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rogue state game review


The fate of your nation state falls squarely upon your shoulders. The revolution was a success, and now you must decide the policies while rebuilding the mighty Benji. If you love the civilization games and don’t mind some tough choices, this game is for you. I won’t lie, my hopes for this game were very low at the start. I laughed through most of the tutorial and actually had to restart because I missed key information. Right out of the gate, you feel like you might need a minor in Political sciences to play this game or at least a really good understanding of the inner workings of politics.

The game starts out with you, the newly risen to power, sovereign leader of Benji assigning your cabinet seats. You pick from a list of people each adding to or subtracting from different traits of your country. It is hard the first time you play as you really have no understanding of the impacts the decisions you are making have, and the game offers very little in the way of explanation. After your cabinet is assigned, you do what every great leader does and assign new policies for your people.


Your policies will have a major effect on how the four factions of your people feel towards you. The fundamentalists love a long holiday while capitalists are not huge fans. You also have to keep a close eye on your treasury as every policy will affect how much money you gain or lose each turn. It is easy to find yourself with a debt in the hundreds of millions. This feature is one of the main components setting this game apart from Civilization and other similar titles. I became hooked to adjusting the sliders for maximizing the amount of money made while ensuring my populous did not revolt against me.

After you feel the policies are set, it is time to rebuild. The building system is fairly straightforward. You purchase one thing in item tree to unlock the next. There are a very limited number of items to build because this game is more focused on the tough choices you make as a leader. With that being said, you must be careful how fast you build because money is very short in supply and goes very quickly. It took me no time at all to run my country into a huge mountain of debt which then led to me being overthrown by a rebellious coup.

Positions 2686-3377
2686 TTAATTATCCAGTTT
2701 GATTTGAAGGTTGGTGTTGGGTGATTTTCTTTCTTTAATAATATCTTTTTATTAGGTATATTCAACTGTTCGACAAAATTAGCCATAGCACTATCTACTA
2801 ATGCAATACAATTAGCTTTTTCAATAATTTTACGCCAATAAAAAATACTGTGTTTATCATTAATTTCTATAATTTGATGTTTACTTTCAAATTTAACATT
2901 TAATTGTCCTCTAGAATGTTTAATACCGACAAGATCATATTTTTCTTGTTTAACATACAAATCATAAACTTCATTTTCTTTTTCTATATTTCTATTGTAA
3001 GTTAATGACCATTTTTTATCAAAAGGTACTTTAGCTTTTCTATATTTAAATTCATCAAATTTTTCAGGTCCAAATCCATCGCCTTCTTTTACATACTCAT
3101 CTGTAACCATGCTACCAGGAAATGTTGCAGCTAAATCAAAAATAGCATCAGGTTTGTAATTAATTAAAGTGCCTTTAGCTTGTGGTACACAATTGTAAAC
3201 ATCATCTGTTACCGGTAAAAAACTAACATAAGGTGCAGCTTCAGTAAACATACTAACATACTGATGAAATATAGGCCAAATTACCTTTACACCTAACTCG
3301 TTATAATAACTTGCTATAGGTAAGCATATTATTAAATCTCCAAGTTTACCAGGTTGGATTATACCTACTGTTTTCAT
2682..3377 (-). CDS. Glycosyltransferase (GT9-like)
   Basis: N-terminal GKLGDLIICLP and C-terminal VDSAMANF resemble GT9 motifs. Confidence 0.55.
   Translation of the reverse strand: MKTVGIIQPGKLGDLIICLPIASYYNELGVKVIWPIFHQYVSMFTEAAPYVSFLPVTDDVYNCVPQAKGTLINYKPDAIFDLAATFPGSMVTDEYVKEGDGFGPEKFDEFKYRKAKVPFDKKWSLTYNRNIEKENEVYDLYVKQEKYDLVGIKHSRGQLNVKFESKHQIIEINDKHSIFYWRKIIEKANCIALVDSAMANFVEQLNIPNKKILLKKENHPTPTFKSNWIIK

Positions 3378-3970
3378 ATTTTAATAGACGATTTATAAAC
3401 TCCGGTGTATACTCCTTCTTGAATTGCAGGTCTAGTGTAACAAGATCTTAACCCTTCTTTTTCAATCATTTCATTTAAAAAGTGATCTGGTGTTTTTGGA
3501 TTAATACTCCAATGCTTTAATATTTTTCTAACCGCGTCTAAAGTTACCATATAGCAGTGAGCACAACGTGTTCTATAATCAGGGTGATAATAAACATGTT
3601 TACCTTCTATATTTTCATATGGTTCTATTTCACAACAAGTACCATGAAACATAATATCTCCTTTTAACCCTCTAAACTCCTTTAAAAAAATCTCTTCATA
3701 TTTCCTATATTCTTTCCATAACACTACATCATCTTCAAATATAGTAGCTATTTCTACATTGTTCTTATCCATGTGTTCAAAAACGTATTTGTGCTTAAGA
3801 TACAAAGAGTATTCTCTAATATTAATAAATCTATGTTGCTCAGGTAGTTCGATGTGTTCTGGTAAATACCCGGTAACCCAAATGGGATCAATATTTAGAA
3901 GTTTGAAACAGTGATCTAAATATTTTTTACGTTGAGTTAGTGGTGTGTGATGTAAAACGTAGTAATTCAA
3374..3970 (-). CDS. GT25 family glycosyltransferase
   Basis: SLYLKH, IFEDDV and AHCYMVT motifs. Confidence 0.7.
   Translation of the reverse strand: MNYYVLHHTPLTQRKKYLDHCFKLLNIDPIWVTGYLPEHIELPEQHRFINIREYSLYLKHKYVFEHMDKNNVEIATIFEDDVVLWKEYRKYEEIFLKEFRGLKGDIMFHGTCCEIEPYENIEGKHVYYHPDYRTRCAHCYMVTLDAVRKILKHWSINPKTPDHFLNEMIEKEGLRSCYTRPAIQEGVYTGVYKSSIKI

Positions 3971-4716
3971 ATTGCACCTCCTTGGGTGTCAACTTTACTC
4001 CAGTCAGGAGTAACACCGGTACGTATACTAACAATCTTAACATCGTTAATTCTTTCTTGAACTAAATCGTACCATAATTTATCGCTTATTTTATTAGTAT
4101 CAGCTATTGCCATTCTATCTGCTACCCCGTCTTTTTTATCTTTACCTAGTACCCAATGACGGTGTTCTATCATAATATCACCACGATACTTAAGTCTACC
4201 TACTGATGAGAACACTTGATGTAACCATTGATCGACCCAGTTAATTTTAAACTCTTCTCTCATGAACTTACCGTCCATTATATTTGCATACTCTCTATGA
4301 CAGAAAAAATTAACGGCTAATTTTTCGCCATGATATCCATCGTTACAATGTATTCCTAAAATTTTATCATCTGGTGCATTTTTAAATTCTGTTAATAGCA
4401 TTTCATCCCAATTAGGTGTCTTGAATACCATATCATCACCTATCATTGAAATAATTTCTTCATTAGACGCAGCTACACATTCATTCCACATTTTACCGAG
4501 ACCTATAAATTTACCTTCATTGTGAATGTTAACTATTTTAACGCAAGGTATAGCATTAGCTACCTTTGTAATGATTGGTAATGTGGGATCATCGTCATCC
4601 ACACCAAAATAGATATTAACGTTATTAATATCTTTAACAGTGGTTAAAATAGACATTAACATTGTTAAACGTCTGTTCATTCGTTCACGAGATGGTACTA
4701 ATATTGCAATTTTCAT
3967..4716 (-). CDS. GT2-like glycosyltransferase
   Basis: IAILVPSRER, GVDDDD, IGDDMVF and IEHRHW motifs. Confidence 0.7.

The turn-based strategy is utilized in a unique way with Rogue State. In most TBS games, your opponents are also building up massive armies and cities to rival yours. Even with the possibility of war, the only real rival in this game is your populace and the events of the world around you. Every turn is broken down into four actions with an event happening at the end of each one. During these events, you will find yourself questioning your political alignment, trying to decide if you can stomach thinking outside of it long enough to better your standing with a particular group. The choices you make in your policies and building phases will come to play in these events. Did you build a nature reserve to protect that endangered species? Do you have a budget set aside for disaster relief for when that natural disaster happens?


After about 5 turns, I quickly stopped laughing at the somewhat commercial art style and found myself unable to walk away from this addictive game. The constant battle between balancing your treasure and staying in good standing kept me playing for hours. The developers at Little Red Dog Games have really given us a diamond hidden in the rough. I don’t recommend this game for a quick game session when you just want to veg out. Rogue State is a game for those afternoons where you have nothing but time and can devote your day to it because, undoubtedly, that is what you will find yourself doing. Don’t let all the political nature of this game set you off. There is plenty of hidden humor to keep gameplay from being stale. At one point, you even make a phone call to a chicken. If that is not enough incentive to play, you can try the corrupt route, wire millions of dollars into an offshore bank account, and get yourself something nice at the end of the game. Rogue State is well worth the investment in both money and time if you are a fan of the Turn based-Strategy style game.


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Founded in 2015, Stack Up (TAX ID: 47-5424265) brings both veterans and civilian supporters together through a shared love of video gaming through our primary programs: The Stacks, Supply Crates, Air Assaults, and the Stack Up Overwatch Program [StOP].

Stack Up helps US and Allied military service members get through deployments to combat zones and recover from traumatic physical and emotional injuries with the power of video gaming.